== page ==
During the 2nd World War he served on oil tankers in the Caribbean and later on the Atlantic convoys. On one occasion he demonstrated his leadership and self-confidence when he took command of his ship to depart Halifax and join its convoy when the master was too drunk to take command.

For enlargements of these early shipping photographs, as well as others photographs taken with his Kodak 127 camera, click HERE.

As they are on another website, you will need to use your browser back button to return.

 

 

1st Mate with Edna aboard the liberty ship S.S. Al Raurdah in the Clyde, 1943

 That young officer married Edna in 1942, soon after got his Masters ticket and then his Extra Masters ticket to become a pilot so that, in 1946, he became the youngest Trinity House pilot on the river Thames at the age of 29. He subsequently served with Trinity House for 11 years becoming ‘Choice Pilot’ for the France Fenwick shipping line, highly valued for his ability to take ships up the river in all weathers, even in the notorious London smogs of the 1950’s.  It was during this time that his children Malcolm, Maureen and Anne were born.

pilot coming on board – thought to be late 1940's

 His voyages around the world had persuaded him that Canada was the best country in the world and where he wanted to live.  So it was that on April 11th 1957 the family arrived in Toronto.

There we spent 4 and a half happy years before returning to England.

    

 

 In the years that followed he worked both in England and abroad.  In Libya he was mooring master for both Shell and Esso Petroleum.

Port Brega, Libya, now aged 46:

 

top to bottom: Dec '63: aboard launch with Capt Warby's wife; Nov '64: Esso Lancashire at mooring; Nov '64: aboard Esso Lancashire

 Subsequently he returned to the Thames as mooring master at the Canvey oil refinery (1965-67) then Port Manager at Ellesmere Port, Liverpool (1967-70).  There then followed a spell as harbour master in West Bay, Dorset (1970-74):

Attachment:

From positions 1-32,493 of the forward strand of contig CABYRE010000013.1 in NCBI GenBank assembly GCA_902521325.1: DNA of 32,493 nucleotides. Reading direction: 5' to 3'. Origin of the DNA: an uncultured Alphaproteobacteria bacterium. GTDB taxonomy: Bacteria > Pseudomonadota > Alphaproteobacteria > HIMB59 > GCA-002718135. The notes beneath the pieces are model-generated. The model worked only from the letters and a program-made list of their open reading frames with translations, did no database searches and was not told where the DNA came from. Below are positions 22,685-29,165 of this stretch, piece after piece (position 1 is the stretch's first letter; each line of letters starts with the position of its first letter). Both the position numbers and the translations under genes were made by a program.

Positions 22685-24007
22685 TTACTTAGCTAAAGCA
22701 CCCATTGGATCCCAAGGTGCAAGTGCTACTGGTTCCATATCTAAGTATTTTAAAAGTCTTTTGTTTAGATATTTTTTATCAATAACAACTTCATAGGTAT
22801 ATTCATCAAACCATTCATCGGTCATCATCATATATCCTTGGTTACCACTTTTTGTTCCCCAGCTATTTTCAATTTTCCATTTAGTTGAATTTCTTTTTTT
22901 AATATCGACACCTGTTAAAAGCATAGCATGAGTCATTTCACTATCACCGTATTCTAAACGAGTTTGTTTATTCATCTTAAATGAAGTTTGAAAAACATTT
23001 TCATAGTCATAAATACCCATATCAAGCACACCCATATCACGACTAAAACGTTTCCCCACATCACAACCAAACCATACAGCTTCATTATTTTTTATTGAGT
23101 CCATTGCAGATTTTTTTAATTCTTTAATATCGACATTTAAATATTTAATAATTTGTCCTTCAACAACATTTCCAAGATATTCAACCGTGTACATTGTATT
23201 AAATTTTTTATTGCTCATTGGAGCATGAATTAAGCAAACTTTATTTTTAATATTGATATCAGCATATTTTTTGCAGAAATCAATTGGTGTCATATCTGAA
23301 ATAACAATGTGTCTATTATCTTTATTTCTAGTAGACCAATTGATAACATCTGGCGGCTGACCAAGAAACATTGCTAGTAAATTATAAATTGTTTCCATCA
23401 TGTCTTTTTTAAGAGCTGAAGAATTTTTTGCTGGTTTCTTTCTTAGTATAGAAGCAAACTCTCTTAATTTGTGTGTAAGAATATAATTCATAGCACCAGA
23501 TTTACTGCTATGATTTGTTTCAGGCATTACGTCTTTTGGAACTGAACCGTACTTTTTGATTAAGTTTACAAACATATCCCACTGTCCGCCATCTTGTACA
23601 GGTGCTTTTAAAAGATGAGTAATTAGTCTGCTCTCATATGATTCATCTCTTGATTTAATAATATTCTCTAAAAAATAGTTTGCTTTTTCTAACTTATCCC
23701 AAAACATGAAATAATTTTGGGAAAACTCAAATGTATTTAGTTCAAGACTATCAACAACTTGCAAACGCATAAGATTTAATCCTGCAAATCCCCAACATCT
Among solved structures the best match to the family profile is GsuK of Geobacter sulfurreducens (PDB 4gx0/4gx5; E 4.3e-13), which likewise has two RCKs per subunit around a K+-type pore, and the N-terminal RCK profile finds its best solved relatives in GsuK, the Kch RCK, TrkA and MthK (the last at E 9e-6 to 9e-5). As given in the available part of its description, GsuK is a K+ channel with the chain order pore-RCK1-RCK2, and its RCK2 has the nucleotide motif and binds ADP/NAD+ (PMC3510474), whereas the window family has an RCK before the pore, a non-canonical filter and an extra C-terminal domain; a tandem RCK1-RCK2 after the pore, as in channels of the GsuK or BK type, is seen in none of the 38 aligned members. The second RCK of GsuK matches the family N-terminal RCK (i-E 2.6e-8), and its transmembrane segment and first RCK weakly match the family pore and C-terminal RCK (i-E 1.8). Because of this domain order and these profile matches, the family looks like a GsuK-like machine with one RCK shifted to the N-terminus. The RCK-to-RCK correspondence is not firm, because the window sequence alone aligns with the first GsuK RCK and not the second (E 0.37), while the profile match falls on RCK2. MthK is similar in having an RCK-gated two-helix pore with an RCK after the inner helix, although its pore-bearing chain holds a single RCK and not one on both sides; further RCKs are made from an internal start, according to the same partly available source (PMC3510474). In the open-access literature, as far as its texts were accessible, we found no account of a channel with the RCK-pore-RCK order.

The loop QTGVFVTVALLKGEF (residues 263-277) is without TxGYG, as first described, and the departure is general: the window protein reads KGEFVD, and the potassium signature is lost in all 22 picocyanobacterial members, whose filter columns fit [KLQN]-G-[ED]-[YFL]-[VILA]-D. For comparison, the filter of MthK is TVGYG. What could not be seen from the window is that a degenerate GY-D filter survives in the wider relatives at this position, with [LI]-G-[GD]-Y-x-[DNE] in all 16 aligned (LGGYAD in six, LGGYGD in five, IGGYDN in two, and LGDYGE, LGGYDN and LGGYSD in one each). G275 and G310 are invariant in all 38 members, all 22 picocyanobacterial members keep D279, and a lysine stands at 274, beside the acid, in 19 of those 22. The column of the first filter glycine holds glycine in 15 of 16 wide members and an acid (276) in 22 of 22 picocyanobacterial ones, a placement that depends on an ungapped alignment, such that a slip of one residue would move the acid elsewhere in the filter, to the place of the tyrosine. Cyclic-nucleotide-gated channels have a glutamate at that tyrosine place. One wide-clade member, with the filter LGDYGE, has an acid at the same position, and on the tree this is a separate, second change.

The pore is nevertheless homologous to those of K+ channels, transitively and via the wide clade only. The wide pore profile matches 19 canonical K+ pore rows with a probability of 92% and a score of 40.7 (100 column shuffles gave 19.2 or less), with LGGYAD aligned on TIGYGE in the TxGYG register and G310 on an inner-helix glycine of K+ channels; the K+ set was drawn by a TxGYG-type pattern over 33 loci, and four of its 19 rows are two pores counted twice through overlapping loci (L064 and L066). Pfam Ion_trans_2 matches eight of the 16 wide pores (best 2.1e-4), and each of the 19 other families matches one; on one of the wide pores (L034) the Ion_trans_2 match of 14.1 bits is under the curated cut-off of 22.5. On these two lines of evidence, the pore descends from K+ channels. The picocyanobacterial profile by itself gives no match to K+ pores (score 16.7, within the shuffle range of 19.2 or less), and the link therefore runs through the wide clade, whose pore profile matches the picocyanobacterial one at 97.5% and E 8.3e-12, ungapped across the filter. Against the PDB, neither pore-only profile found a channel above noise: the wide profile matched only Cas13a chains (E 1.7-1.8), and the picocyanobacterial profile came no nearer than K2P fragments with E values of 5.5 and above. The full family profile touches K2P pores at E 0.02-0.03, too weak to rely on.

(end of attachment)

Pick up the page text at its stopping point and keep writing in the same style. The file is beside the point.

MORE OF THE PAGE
West Bay Harbour Master 1974, aged 57

Subsequently he went on to captain merchant vessels in Abu Dhabi, Dubai and Bahrain. Later still he took postings as harbour master in St Vincent and Papua New Guinea.  In pre-revolutionary Iran, he trained pilots for the Shah’s government.  Unfortunately we've as yet been unable to unearth any photographs of him during this period of his life.

Edna travelled with him to many of his postings and Anne and Maureen enjoyed the opportunity to visit and at times live with them.

on leave from Bahrain, 1979 aged 62

Bob had many fascinating stories to tell and one stands out for its topicality.  While in Iran his boat and crew of trainee pilots were fired upon by the Iraqis when they accidentally crossed the imaginary line in the middle of the Shat-al-Arab waterway between Iran and Iraq.

~ ~ ~

Apart from the sea Bob loved reading, and in particular books on history, geography and travel. He also maintained a keen interest in politics and current affairs until shortly after his ninetieth birthday. It was soon after that that his health began to fail. 

He loved corresponding and his cards, letters and interesting news items will be sadly missed, particularly by his granddaughter, Becky.

~ ~ ~

In his retirement he and Edna visited Anne in Sydney, Australia several times with the result that he fell in love with that country.

          

1992 ....... and clambering about on the rocks at Clovelly Beach just a week after his 75th birthday

back again in '95 to feed the wallabys!

Perhaps his one mistake was not to move out there while he was fit and able to do so.

The one aspiration he failed to achieve was to live out his retirement with a view over the sea.

~ ~ ~ 

Bob died in the Royal Bournemouth Hospital on the morning of 2nd September 2007 at the age of 90 years and 6 months.

~ ~ ~

 

This accolade from the late Capt. Stan Cheek, captain of the last ship he served on during the war:

"Best first officer I ever had."

And finally this from Shirley, his carer in his last months:

"He was such a lovely man. Always a gentleman."

~ ~ ~

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updated 28 Jan 2013 at 17:16